For each of the correlations, I’ll include the correlation coefficient, or r statistic. This is a measure of how strong the relationship between the two variables is, ranging between -1 and 1. If r is negative, then as one variable increases the other decreases, and if the number is positive then as one variable increases the other also increases. r=0 would indicate exactly no relationship. The larger the magnitude of the number, the stronger the relationship. For example, r=-0.25 would be a weakly negative relationship, r=-0.8 would be a very strongly negative relationship, r=+0.4 would be a reasonably strong positive relationship, and so on.

To give us some direction, I figured maybe what we should do is explore some commonly held stereotypes about the political parties, and see if they were reflected in the demographics and voting statistics. Let’s start with income and age.

“Richer people vote for ACT, the Conservatives, and National, poorer people vote for Labour”
In electorates where there are more people (aged 15 and over)…
… with zero income, more people voted for ACT (r=+0.358), fewer people voted for Democrats for Social Credit (DSC) (r=-0.472)
… in the $10,001-$35,000 income bracket, more people voted for NZ First (r≈+0.6), and slightly more people voted for DSC (r≈+0.25)
… in the $15,001-$25,000 income bracket, slightly more people voted for the Conservatives (r≈+0.23)
… in the $25,001-$30,000 income bracket, fewer people voted for ACT (r=-0.575)
… in the $25,001-$40,000 income bracket, more people voted for Ban1080 (r≈+0.23)
… earning $50,001 or more (per year), slightly more people voted for National (r≈+0.25)
… earning $50,001 or more (per year), more people voted for United Future (r≈+0.4)
… earning $60,001 or more (per year), more people voted for the Greens (r≈+0.5)
… earning $70,001 or more (per year), more people voted for ACT (r≈+0.38)

Discussion: The statistics would suggest that electorates with richer people do vote for ACT and National, but also vote for United Future and interestingly the Greens! The Green relationship in particular is possibly explained by the support for the Greens in central urban areas, especially in Wellington, that also happen to be areas with higher income individuals. Electorates with more low income individuals did not vote more for Labour. Surprisingly, electorates with more people with zero income also had more people vote for ACT, which could possibly be explained by those electorates having more stay-at-home housewives or young students with no income, dependent on the high(er) income of the main breadwinner in the household.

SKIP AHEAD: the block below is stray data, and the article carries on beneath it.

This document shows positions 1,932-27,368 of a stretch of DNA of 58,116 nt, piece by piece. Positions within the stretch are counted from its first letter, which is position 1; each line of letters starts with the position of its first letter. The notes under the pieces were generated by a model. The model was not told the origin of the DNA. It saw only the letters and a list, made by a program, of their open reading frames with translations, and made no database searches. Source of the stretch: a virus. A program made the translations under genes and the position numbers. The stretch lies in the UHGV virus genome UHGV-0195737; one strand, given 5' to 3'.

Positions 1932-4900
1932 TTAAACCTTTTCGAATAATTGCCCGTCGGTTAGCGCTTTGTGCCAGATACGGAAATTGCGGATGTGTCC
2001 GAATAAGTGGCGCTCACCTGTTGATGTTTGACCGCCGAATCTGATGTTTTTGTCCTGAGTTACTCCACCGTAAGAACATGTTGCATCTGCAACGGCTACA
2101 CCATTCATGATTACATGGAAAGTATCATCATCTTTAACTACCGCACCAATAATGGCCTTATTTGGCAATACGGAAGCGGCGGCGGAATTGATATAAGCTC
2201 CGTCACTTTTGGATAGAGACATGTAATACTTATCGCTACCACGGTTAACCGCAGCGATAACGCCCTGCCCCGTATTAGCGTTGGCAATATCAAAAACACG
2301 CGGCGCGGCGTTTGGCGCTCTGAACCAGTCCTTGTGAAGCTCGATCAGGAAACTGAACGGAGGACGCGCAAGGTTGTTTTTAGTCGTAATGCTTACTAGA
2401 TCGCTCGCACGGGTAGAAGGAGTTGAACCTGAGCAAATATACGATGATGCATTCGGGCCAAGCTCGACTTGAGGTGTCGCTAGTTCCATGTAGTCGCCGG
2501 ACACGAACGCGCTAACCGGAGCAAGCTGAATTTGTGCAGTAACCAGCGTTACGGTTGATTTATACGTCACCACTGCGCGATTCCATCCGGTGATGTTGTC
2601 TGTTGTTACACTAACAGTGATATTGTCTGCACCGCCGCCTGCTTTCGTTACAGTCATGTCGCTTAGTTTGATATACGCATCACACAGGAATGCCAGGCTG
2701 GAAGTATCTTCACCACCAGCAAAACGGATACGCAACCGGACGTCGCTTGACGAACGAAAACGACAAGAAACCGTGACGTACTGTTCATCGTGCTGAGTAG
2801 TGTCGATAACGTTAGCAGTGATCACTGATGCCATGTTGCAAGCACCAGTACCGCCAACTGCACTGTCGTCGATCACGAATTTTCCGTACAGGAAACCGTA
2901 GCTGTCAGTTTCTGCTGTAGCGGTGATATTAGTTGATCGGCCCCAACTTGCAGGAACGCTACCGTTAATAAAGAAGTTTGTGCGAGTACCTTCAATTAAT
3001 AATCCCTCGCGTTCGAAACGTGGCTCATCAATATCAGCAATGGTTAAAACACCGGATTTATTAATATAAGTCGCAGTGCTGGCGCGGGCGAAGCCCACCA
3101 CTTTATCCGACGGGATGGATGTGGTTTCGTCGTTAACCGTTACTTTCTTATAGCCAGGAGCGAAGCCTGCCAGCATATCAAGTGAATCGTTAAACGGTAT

“Old people vote for NZ First”
In electorates where there are more people…
… aged 15-39 years old, fewer people voted for NZ First (r≈-0.4)
… aged 50-79 years old, significantly more people voted for NZ First (r≈+0.7)
… aged 50 years and older, more people voted for the Conservatives (r increasing from +0.209 to +0.65)
… aged 50-84 years old, more people voted for DSC (r≈+0.47)
… aged 60 years and older, fewer people voted for InternetMANA (r decreasing from -0.164 to -0.406)
… aged 45-54 years old, more people voted for the Māori Party (r≈+0.25)
… aged 60 years and older, fewer people voted for the Māori Party (r decreasing from -0.124 to -0.417)
… aged 55 years and older, more people voted for National (r increasing from +0.252 to +0.515)

Discussion: The stereotype largely holds up – electorates with more young people voted less for NZ First, and electorates with more old people voted more for NZ First (Bay of Plenty, Tauranga, Coromandel, and Whangarei). Other “old-friendly” parties included the Conservatives, DSC, and National, while InternetMANA and the Māori Party were less popular in electorates with more people aged 60 years and older.

“Young people are more left-wing”
In electorates where there are more people…
… aged 20-29 years old, slightly more people voted for the Greens (r≈+0.23) and the Civilian Party (r≈+0.16)

Discussion: The Greens do well at attracting the youth vote on the back of long-term sustainability policies, and they had a lot of party votes in student-heavy electorates like Christchurch Central, Dunedin North, Auckland Central, Rongotai, and Wellington Central. Younger people probably also take politics less seriously (or alternatively are more disenfranchised with the system), hence the Civilian Party. It’s a little odd that there is no statistical relationship between young people and Labour though.